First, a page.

“Last year, many people from the United States
and Canada were interested in our products,” says Zuber, “but
this year not as much.”
Meanwhile, however, Odenwalder’s marzipan
products continue to be sold in many European countries, as well as in the
Middle East, according to Zuber.
The company prides itself on the high almond content
(40 percent) of its products.
“The quality of the products depends on the
amount of almonds used because they cost more than sugar,” says
Traditional Spanish chocolate
The price of almonds and the devaluation of the dollar
also are issues for the Spanish company, Chocolates Valor S.A., reports
Alberto Duenas, marketing director for Valor’s U.S. division.
A $50 million company in Spain, Valor is particularly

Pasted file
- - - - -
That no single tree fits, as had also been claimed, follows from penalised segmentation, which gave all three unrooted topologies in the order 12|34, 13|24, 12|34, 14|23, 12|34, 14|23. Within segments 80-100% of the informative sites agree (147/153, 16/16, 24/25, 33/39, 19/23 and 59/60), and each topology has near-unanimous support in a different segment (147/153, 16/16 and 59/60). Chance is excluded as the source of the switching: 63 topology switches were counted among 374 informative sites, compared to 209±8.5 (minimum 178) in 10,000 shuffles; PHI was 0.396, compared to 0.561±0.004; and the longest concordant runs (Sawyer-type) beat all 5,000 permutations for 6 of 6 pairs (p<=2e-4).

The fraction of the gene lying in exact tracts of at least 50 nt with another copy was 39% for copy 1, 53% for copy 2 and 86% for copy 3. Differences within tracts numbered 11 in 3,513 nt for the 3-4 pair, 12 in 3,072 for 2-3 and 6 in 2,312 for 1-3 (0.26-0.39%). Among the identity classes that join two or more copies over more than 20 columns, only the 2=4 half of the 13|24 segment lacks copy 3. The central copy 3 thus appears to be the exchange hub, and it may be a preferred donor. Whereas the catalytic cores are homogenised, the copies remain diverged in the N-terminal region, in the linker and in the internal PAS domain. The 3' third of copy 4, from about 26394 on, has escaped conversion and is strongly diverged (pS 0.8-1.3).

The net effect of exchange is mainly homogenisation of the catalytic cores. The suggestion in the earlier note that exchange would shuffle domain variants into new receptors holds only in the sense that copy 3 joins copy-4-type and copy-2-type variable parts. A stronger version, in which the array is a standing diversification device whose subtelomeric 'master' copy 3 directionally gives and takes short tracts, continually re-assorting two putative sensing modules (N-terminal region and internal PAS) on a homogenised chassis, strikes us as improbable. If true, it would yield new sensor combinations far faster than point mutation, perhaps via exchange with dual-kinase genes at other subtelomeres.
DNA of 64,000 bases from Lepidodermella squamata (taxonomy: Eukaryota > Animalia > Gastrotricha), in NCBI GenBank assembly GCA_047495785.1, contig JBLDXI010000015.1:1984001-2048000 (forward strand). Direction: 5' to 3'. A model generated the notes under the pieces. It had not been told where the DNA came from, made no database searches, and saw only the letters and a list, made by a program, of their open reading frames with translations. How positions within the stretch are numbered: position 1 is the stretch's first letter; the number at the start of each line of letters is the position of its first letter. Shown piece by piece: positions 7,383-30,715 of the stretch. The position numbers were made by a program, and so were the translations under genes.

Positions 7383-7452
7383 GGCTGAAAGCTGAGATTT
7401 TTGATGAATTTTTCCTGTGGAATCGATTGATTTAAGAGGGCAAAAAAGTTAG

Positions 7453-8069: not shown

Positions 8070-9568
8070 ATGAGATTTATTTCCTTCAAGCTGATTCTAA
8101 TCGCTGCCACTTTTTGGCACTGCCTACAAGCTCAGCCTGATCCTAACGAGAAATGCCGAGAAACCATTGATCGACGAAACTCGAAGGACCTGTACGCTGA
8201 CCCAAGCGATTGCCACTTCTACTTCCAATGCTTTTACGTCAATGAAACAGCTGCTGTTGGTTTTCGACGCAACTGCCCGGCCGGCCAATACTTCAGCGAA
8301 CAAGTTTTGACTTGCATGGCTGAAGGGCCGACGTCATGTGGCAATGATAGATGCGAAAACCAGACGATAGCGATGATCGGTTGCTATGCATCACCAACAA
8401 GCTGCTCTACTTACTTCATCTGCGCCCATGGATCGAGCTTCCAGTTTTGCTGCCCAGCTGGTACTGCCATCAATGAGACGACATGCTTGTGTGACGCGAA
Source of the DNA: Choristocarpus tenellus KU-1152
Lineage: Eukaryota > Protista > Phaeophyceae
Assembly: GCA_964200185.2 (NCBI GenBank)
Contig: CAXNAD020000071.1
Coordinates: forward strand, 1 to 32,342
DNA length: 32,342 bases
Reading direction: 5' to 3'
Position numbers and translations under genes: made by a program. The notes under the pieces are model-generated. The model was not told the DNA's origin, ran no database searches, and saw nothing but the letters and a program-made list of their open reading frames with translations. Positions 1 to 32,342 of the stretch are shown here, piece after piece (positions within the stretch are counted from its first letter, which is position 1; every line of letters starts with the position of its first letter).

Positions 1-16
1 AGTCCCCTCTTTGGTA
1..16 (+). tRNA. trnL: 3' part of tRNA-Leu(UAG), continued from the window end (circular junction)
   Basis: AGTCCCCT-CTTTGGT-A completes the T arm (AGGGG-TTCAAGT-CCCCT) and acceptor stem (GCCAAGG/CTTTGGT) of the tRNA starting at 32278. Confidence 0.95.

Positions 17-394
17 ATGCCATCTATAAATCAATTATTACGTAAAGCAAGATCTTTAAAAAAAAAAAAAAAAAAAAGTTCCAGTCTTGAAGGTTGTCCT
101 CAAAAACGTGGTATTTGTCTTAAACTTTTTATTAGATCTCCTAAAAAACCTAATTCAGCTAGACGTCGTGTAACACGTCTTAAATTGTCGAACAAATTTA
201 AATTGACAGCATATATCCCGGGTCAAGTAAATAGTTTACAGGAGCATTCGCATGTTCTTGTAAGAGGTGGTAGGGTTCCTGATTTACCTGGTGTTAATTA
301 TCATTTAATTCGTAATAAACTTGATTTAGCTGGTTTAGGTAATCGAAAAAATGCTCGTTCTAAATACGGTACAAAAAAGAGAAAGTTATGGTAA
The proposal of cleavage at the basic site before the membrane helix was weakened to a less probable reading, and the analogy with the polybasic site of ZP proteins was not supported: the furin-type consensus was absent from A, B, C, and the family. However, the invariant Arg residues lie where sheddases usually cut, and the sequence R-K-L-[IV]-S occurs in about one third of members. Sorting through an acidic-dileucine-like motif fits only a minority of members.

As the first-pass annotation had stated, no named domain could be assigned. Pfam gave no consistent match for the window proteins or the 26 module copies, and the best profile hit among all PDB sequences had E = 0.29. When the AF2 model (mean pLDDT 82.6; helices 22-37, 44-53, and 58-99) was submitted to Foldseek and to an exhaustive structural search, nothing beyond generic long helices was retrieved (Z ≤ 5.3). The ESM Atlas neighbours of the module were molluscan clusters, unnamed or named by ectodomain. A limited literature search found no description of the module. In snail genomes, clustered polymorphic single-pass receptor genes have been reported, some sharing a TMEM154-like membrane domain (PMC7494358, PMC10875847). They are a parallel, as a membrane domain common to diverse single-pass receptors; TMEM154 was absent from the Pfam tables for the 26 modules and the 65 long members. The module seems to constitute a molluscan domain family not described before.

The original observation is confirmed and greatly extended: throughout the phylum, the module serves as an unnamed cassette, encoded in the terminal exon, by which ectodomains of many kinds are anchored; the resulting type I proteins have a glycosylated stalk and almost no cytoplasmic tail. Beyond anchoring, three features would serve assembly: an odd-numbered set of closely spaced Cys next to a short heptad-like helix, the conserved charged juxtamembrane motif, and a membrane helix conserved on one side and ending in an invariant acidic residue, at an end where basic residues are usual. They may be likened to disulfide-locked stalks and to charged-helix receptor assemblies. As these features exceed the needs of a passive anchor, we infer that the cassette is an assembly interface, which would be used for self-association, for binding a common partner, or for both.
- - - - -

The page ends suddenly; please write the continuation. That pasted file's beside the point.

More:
noted for its chocolate bars made with whole Marcona almonds from the
Mediterranean. Unfortunately, last year’s almond crop was not strong,
according to Duenas, so the ingredient cost has jumped substantially.
The company has had a U.S. presence for only three and
a half years, so it has opted for a conservative approach to price
increases. “We raised it a little, but not much because we want to
try to stay competitive,” says Duenas.
In the U.S. marketplace, 100-gram Valor chocolate bars
typically sell for about $2.49. The company is introducing a line of
200-gram sugar-free chocolate bars that carry a suggested retail price of
$5.99. The ability to charge a higher price for the sugar-free bars is a
plus, especially in light of the dollar situation, Duenas notes.
If you think that marshmallows are merely sugary white
blobs best consumed in close proximity to a campfire, then you’ve
never met Michael Sas.
Sas, vice president and general manager of leading
Belgian marshmallow maker Van Damme Confectionery, is a man with a
mission—to introduce U.S. retailers and consumers to Van
Damme’s extensive array of marshmallow offerings.
Van Damme makes marshmallows in a myriad of forms,